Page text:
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Marine animal rescue vessel launched

Sunday, March 14 2010

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"Rat" - a Valsayn family pet cat knows just where to go when she can't take the heat anymore- to the cool comfort of the family's bathroom sink where ...

Members of the Manatee Conservation Trust and the Zoological Society of Trinidad and Tobago accompanied by two officials from the International Fund for Animal Welfare (IFAW), Kelvin Alie and Dr Ian Robinson participated in the launch of a marine animal rescue boat, aptly christened Rescue One, last week.

Also present on the day were members of the Caribbean Animal Welfare Association (CAWA), a non-governmental organisation based in Trinidad with a reach throughout the wider Caribbean and the San Juan Rotary Club, rounding off the partners involved in this initiative.

As the timing of the launch coincided with recent reports of pilot whale sightings in the Gulf of Paria, the opportunity was taken to conduct further investigations, making use of the tremendous expertise of IFAW in marine mammal research and conservation. The capability of Rescue One to conduct such an investigation was brought into play with the deployment of its depth sounders, a marine electronic device that can detect the presence of aquatic life. This equipment was acquired to facilitate research studies currently being undertaken by the Manatee Conservation Trust and the Zoological Society of Trinidad and Tobago with the support of IFAW, on the distribution of whales and dolphins in TT waters.

Having deployed the research equipment off Chacachacare Island, the team registered that there was some detection of activity in the area. Further scouting revealed the presence of what was initially thought to be pilot whales, but upon closer observations were identified as bottlenose dolphins. The pod comprised at least ten individuals with one young clearly visible.

In an attempt to confirm the identity of some pictures which are circulation, Dr Robinson used his extensive experience working with marine mammals to identify these reputed pilot whales as false killer whales based on the shape of the dorsal fin and the absence of a bulbous head. The literature also suggests that these species are often associated with bottlenose dolphins, the species actually seen during the launch.That these respective organisations have come together to fill the void in marine animal conservation is no surprise, especially as there are complementarities in their respective mandate. The Manatee Conservation Trust, a community-based entity has always had a focus on marine mammals and since its pivotal role in the saving of 14 of the 25 short-finned pilot whales which stranded on the Manzanilla Beach in 1999, has given much of its attention to monitoring of whales and dolphins in the waters off Trinidad and Tobago. It has been in the forefront of following through on reports made by persons on whale sightings or strandings in any part of the country and is often one of the first responders. The Zoological Society of Trinidad and Tobago already has a land-based animal ambulance which allows members to respond to animals which are in distress and this is a natural extension to ensure coverage of both the terrestrial and aquatic environments.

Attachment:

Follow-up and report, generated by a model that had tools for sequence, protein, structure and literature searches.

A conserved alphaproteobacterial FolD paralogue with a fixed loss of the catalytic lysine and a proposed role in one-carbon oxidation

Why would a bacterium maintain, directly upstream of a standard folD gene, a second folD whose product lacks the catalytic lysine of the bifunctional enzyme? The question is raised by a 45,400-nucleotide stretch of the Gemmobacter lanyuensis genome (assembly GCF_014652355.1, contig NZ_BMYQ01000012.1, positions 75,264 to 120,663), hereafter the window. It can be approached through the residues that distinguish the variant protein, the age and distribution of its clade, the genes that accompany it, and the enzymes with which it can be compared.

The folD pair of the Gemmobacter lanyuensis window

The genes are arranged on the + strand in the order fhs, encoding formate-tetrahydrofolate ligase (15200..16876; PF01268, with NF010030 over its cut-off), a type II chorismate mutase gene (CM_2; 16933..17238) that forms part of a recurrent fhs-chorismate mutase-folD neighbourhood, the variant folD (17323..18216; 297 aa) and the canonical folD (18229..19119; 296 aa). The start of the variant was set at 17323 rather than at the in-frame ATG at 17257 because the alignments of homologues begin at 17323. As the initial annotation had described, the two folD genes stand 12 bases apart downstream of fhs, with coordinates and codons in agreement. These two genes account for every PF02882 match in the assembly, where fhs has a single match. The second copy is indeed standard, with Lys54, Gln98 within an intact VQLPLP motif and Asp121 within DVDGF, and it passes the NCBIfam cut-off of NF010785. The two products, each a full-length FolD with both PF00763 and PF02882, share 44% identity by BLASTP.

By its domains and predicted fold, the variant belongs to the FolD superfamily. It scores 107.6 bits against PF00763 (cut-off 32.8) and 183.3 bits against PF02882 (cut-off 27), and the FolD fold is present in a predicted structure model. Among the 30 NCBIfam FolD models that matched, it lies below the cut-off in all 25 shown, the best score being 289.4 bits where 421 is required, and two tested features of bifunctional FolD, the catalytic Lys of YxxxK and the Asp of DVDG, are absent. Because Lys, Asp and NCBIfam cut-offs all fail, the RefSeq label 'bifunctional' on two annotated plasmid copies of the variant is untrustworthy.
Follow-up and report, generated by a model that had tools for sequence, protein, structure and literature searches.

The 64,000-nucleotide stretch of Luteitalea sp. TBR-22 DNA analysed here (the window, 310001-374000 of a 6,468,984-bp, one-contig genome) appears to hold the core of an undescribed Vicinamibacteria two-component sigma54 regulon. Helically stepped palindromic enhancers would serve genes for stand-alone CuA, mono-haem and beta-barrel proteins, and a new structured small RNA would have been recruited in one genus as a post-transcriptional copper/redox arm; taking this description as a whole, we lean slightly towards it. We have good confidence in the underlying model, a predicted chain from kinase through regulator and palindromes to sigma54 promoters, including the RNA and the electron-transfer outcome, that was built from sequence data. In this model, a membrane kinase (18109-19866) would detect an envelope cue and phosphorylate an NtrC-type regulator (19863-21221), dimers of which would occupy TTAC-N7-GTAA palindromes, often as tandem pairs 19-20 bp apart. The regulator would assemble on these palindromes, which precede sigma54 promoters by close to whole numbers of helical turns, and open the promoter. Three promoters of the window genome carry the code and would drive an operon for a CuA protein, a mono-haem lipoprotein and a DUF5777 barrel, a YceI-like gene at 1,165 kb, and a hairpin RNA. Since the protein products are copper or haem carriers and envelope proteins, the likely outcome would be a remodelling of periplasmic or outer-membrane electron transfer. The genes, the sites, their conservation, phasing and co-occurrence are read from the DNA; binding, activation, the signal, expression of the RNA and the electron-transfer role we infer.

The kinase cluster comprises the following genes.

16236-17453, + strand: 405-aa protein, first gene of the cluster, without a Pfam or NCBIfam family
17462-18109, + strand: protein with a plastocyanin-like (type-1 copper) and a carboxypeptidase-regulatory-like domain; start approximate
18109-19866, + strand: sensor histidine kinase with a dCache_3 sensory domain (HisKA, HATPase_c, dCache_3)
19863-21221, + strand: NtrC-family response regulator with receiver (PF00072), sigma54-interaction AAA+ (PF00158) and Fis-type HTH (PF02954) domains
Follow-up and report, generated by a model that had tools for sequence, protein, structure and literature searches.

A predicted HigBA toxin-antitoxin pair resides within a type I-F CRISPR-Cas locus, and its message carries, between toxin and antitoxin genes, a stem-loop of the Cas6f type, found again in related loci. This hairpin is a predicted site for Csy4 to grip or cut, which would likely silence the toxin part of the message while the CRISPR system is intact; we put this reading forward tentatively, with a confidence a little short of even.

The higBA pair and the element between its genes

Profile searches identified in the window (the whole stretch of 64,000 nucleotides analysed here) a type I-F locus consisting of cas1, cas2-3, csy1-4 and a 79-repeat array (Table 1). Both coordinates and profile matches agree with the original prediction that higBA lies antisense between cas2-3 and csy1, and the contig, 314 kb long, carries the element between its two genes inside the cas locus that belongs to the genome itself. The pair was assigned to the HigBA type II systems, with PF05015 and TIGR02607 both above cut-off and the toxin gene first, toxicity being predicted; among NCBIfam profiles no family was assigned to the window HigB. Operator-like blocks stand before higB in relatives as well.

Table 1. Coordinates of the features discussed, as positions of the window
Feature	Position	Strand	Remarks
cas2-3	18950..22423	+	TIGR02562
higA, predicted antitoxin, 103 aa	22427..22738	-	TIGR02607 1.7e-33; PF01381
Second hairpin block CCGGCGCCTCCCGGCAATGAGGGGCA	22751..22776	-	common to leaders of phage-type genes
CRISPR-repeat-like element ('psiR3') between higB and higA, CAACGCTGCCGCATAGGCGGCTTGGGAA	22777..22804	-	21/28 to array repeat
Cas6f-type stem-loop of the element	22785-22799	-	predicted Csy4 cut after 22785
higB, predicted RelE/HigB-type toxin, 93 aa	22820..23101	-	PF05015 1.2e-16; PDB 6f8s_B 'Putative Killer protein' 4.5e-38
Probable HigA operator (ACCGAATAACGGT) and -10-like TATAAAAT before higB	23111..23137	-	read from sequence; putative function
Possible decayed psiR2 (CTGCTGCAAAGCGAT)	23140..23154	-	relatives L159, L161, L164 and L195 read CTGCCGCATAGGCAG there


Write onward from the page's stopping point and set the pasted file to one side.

Nirmal Biptah, Curator of the Emperor Valley Zoo felt that the timing of this launch could only complement the new mandate of the Zoological Society of Trinidad and Tobago Inc in getting involved in the wider aspect of animal welfare throughout Trinidad and Tobago. The Zoological Society of Trinidad and Tobago Inc. for the past 60 years focussed mainly on the running of the Emperor Valley Zoo.

For those familiar with the work of the San Juan Rotary Club, this foray into the marine animal rescue cause should come as no surprise. This organisation has a history of involvement in environmental projects and its support for manatee conservation under the Protect our Earth” programme in 1990 — 1991, is what led to the formation of the Manatee Conservation Trust in 1999. Additionally, it has been providing support to the Zoological Society of Trinidad and Tobago for over 15 years.

During the launch, Gupte Lutchmedial, who provides a crucial linkage among the various organisations involved, acknowledged the generous support of the management of La Soufriere Maritime Ltd, which is providing storage and berthing facilities for the boat in Chaguaramas at a discounted rate. He mentioned that in addition, the organisations were extremely fortunate to benefit from the waiving of registration fees for use of this facility. A special thank you was given to Budget Marine Trinidad which gave discounts for the boat equipment and has donated the communication radio on the boat.

The launching of this boat is just the first step in covering the island as very soon another boat will be commissioned for the east coast of Trinidad. As explained by Lutchmedial, “The prevalence of whale strandings in the Manzanilla and Mayaro areas demand that we be in a state of preparedness for any future incidents which may occur in these parts.” As a reminder, in early 2009, there were at least three strandings in this area. Two melon-headed whales were stranded in Mayaro and Manzanilla and another species which could not be identified due to its advanced state of decomposition, washed ashore dead in Guayaguayare.

With Rescue One ready to respond to distress calls, the stage is set to strengthen operations for the rescue and rehabilitation of marine animals, especially whales and dolphins. The public can report any sightings of marine animals in distress to the Hotline at 622-5344 or 622-3530.

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